James Murphy appointed as Chief Executive of the RPS

04 Apr 2018

James Murphy has been announced as Chief Executive of the Royal Philharmonic Society. He joins the RPS in the summer, taking over from Rosemary Johnson who is stepping down after twenty years.

James Murphy is currently Managing Director of Southbank Sinfonia, the orchestra that provides graduate musicians with a much needed springboard into the music profession. Under James’s artistic and executive leadership since 2011, the Sinfonia has enjoyed a period of noted prosperity and growth. He is responsible for planning and programming over 70 concerts annually, instigating the orchestra’s acclaimed role centre-stage in the National Theatre’s Amadeus, creating partnerships with organisations including Southbank Centre, Notre-Dame de Paris and Sir Nicholas Hytner’s Bridge Theatre, establishing the Southbank Sinfonia Foundation to safeguard the orchestra’s long-term future, and championing marginalised female talent (50% of Sinfonia guest conductors are now female and music by over 20 female composers is programmed in 2018). He has previously worked at the National Youth Orchestra, the Royal College of Music, and has commentated on live TV broadcasts of the BBC Proms.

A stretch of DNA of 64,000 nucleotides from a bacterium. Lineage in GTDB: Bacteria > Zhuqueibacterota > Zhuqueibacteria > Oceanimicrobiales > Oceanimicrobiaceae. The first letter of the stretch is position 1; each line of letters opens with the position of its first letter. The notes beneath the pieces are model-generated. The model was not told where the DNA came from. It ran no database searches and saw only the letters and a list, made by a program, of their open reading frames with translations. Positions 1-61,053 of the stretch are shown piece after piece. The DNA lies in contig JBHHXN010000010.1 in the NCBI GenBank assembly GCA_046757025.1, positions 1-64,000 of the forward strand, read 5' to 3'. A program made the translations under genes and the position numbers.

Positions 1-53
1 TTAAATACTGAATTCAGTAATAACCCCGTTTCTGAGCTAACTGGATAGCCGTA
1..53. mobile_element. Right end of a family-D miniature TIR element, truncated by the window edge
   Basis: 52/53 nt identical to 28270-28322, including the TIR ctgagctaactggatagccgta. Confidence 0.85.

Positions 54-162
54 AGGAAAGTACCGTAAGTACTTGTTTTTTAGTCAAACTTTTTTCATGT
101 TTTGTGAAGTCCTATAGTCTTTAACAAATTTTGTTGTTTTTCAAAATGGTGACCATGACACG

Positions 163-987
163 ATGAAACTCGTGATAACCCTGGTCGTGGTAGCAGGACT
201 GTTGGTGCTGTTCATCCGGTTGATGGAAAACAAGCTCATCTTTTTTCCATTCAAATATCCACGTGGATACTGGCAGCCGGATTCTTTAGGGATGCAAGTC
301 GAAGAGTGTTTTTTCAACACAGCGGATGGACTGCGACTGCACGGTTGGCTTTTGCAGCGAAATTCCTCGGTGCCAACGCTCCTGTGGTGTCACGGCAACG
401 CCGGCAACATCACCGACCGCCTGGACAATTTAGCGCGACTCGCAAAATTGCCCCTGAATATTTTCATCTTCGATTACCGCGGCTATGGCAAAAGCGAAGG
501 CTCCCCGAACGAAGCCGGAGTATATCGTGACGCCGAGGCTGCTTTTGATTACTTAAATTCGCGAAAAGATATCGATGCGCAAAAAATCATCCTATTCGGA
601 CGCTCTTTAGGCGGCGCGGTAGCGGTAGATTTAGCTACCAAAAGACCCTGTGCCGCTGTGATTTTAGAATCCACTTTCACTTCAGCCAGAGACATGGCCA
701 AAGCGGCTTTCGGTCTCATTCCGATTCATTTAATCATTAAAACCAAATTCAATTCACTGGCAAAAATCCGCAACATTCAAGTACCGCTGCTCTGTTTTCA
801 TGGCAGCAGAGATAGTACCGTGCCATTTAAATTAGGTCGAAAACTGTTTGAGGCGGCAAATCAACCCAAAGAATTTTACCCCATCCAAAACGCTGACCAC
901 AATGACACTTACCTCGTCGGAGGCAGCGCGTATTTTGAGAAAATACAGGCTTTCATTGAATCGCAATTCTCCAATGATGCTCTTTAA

John Gilhooly, Chairman of the Royal Philharmonic Society comments: “James comes to the Royal Philharmonic Society with impeccable musical, charity and fundraising credentials, and his experience of working with young music professionals and commitment to quality music making for the widest possible audience chimes with the RPS’s own long-standing work in these areas. He inherits a Society that is full of energy and ideas, and we are very much looking forward to working with James to ensure an invigorating future for the RPS.”

James Murphy comments: “It is a tremendous honour to take on this role. In 1813, the founders of the Philharmonic Society set out to make a case for why classical music belongs at the heart of everyday life. That same conviction has driven all my work with young musicians. As Chief Executive of this venerable institution, I look forward to working with colleagues sector-wide to champion the enduring power and worth of classical music, generating fresh recognition and pride nationally and beyond for all that classical musicians brilliantly do.”

OUR MEMBERS

George Benjamin, composer, conductor, teacher, programmer: awarded RPS Honorary Membership in 2011.

DID YOU KNOW?

Beethoven’s 9th Symphony, commissioned by the Society in 1825, is still the most requested work on the BBC's Desert Island Discs.